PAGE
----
Video offers guidance to growers coping with soybean sudden death syndrome
September 9th, 2010
AMES, Iowa — As soybean sudden death syndrome continues to ravage Iowa fields in one of the worst outbreaks in many years, Iowa soybean growers are increasingly worried about the damage the disease will cause, while others are unsure whether their plants have been infected.
To help answer questions and offer guidance in managing the disease, Iowa State University has produced a video that explains why SDS is so severe this season; tells how to assess and manage SDS; offers practical advice growers can follow now to prepare for next year; and highlights new and ongoing ISU research on the problem.
The video can be viewed on the College of Agriculture and Life Sciences website, or directly at Sudden Death Syndrome video.
In the video, Iowa State plant pathologists Leonor Leandro and Alison Robertson explain how a perfect storm of early planting and wet weather at key points during the growing season created the ideal circumstances for SDS to thrive.
"This year we've had particularly severe SDS due to a combination of early planting into cool, wet soils and the continuation of a wet season with a wet July during reproductive stages that is also thought to favor the disease," Leandro said.
"We also see the disease moving north and west year to year, probably as a result of an increase in the pathogen density in the soils that's building up over the seasons," she said.
Leandro explained that a fungus infects soybean plant roots soon after planting, producing a toxin that later moves up the plant damaging soybean leaves and eventually causing them to die and drop.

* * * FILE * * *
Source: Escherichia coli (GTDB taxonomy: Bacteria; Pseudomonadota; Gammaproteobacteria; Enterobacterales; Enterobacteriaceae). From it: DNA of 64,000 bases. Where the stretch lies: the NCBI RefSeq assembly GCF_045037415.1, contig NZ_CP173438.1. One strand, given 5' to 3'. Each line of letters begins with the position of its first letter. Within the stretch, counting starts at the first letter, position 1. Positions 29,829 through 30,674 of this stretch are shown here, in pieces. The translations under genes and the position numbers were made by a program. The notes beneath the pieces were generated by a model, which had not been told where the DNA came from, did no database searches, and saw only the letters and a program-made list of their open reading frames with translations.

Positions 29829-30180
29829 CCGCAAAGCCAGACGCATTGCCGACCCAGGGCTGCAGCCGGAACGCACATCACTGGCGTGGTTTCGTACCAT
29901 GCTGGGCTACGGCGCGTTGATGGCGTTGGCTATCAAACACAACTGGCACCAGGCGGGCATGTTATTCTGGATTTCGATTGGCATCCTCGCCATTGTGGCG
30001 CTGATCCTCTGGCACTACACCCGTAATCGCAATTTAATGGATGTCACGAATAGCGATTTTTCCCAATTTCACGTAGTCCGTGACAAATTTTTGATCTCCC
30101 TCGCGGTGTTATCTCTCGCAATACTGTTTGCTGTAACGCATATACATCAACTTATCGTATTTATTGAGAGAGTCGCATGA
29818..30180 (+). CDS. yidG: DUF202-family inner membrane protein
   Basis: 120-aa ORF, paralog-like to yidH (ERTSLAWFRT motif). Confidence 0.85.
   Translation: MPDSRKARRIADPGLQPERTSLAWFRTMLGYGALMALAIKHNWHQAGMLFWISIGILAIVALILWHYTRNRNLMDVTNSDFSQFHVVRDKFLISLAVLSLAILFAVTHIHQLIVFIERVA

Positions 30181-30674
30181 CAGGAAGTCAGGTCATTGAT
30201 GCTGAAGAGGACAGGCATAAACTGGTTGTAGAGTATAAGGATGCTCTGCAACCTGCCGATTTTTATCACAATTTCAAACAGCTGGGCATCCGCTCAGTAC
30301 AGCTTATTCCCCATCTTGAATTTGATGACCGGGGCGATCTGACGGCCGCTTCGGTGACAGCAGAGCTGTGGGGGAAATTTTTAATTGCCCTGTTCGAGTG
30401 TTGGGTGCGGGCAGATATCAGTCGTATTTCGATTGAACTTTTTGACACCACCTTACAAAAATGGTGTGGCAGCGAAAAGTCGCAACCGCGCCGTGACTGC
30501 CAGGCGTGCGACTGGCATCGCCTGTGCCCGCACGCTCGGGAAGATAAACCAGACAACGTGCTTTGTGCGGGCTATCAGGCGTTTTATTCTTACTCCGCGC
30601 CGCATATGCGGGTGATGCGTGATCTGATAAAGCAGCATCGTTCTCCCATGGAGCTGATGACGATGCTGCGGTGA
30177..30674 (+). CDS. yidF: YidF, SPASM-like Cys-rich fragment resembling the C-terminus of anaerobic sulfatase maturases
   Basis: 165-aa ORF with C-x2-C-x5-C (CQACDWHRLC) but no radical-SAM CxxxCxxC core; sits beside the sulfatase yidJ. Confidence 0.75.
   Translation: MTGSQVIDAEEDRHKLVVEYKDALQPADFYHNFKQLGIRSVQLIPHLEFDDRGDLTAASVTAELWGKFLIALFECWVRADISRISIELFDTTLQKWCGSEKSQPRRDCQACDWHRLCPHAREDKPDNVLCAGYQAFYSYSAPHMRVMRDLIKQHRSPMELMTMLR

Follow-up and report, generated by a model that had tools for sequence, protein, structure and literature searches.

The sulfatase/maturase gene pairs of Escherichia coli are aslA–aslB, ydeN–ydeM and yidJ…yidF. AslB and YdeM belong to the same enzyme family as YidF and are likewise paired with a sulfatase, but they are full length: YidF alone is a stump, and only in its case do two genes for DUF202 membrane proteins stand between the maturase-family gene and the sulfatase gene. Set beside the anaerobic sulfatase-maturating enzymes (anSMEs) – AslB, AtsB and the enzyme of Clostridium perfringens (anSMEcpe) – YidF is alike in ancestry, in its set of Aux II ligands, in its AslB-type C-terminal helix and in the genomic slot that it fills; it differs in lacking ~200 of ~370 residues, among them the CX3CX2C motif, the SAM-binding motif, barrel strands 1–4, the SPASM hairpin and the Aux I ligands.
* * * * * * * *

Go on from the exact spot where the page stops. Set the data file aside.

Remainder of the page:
Survival of the fungus on corn debris may be another reason why SDS is so widespread this year, she said.
"Recent soybean checkoff-funded research at ISU has shown the fungus can survive on corn kernels and corn stalks. The corn debris is likely allowing the fungus to carry over from year to year, she said.
Growers are unaware plants have the disease until yellow patches start to appear on soybean leaves.
"The yellow patches will extend, turn brown and eventually (the leaf will) die, falling off and leaving a bare stem," Robertson said.
Other SDS symptoms include severe root rot, and sometimes Robertson said the blue color of the fungus may be visible growing on the outside of the root.
If uncertain, she said one way to definitively diagnose SDS is to cut into the soybean plant taproot and observe its color.
"The inside of the root is discolored brown. It's not a creamy white color like you would see with a healthy soybean plant," Robertson said.
Plants that have the disease are likely to experience some yield loss, though Leandro said the extent will depend on how early SDS appeared during the reproductive stages of plant growth.
While SDS can't be treated, Robertson said it can be managed with appropriate variety selection and improved field drainage. In addition, Leandro said Iowa State has developed germplasm with resistance to SDS that has been released for seed companies to develop commercial varieties.
Other resources on SDS can be found at the following links:
Iowa State University Extension Integrated Crop Management News
North Central Soybean Research Program Plant Health Initiative
Iowa Soybean Association — Production Research